With comprehensive mining reforms in place, Secretary of Environment and Natural Resources Ramon J.P. Paje expressed optimism that the country was on the right track toward achieving compliant status with the Extractive Industry Transparency Initiative (EITI) by 2015.
Paje made this assessment barely two weeks after the Philippines was accepted as a candidate country to join the EITI, a globally developed standard that ensures more transparency and better governance of a country’s mining resources.
The environment chief said the country’s inclusion to the list of EITI candidate countries, which is a step closer to reaching compliant status, was primarily due to President Benigno Aquino III’s sincerity to reform the mining sector when he issued Executive Order (EO) No. 79 in 2012.
“This latest development is a resounding affirmation by the international community of the administration’s determination to make transparency and accountability as the centerpiece of its efforts to sustain the country’s economic development and advance inclusive growth,” Paje said.
EO 79 seeks to balance important concerns on mining development in reinforcing environmental protection measures, promoting responsible mining, providing a more equitable revenue-sharing scheme and providing coordinative mechanisms among stakeholders including local government units.
“When President Aquino issued EO 79, the EITI Board must have read the move as an unequivocal statement of the government’s intention to implement EITI,” Paje said.
Earlier, Paje also credited EO 79 for the country’s good showing in the recent global report issued by the Revenue Watch Institute (RWI) where it received a score of 63 out of 100 under the “institutional and legal setting” as a result of its “comprehensive mining legislation” and ranked 23rd overall among 58 resource-rich countries surveyed on the quality of governance in the oil, gas and mineral sectors.
According to the New York-based policy institute, the Philippine government has made “meaningful progress toward improved resource governance.”
During its meeting in Sydney, Australia last May 22, the EITI Board approved the Philippines’ application for EITI candidate status, which Paje described as a “major milestone in the government’s efforts to improve transparency and accountability in the extractive industry.”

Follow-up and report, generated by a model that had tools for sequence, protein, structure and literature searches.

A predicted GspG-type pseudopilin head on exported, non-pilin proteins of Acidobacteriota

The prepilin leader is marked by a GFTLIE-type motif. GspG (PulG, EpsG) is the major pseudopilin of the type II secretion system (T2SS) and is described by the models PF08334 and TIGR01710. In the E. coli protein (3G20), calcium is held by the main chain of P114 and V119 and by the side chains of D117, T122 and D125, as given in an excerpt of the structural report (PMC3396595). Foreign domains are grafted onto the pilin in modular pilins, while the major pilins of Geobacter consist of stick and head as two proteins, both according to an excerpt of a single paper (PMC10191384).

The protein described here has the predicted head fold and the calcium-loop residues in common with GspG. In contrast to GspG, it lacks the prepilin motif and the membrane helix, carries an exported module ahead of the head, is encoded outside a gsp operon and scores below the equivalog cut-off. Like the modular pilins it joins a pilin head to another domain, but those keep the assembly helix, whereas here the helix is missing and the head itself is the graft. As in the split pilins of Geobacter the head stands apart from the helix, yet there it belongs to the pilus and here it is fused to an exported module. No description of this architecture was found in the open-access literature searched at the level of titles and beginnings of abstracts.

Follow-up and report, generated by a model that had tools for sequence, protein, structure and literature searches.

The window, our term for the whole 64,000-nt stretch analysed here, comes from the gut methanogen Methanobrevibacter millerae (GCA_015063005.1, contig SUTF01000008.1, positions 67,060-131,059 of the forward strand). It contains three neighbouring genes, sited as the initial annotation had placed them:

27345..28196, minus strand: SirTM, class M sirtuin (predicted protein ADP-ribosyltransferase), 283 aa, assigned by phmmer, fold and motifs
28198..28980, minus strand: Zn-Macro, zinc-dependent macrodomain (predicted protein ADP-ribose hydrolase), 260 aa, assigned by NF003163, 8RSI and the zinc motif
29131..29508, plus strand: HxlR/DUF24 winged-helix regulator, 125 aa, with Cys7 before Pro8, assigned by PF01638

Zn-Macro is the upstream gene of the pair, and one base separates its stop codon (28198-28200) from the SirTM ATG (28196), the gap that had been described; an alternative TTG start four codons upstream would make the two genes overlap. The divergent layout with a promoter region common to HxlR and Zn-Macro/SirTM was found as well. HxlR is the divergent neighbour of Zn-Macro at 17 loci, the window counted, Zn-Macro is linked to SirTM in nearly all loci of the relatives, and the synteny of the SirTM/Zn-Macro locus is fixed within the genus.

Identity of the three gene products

Paje said the next step is for the government to “work doubly hard” to achieve EITI compliant status for the country by fulfilling three basic requirements, namely: preparation of EITI report, disclosure and dissemination, and review, and validation.
“Becoming a full-fledged EITI member within the next two years is our ultimate goal,” Paje said.
Paje said being an EITI compliant is important for any resource-rich country because it would result in improved revenue collection and boost investment climate.
EITI is a global standard for transparency in the mining sector that involves the reconciliation of company payments with government receipts by an independent administrator and disclosure of that information to the public. The process is managed by the government with the active involvement of partners from industry and wider society.
Under EITI, all companies engaged in a country’s mineral sector report what they have paid to the government, and then the government reports what it has received. The reports from the companies and the government are compared by an independent auditor and make up what is called the country’s “EITI report.”
There are currently 23 EITI-compliant countries in the world and 16 EITI candidate countries, or those that are working to reach compliant status.
Initiated in 2002 by then British Prime Minister Tony Blair at the World Summit on Sustainable Development in Johannesburg, South Africa, EITI is recognized as a useful tool for resource-rich countries like the Philippines to better manage their natural resources and ensure that the extractive industries make positive contributions to the improvement of economies of host communities during the development process.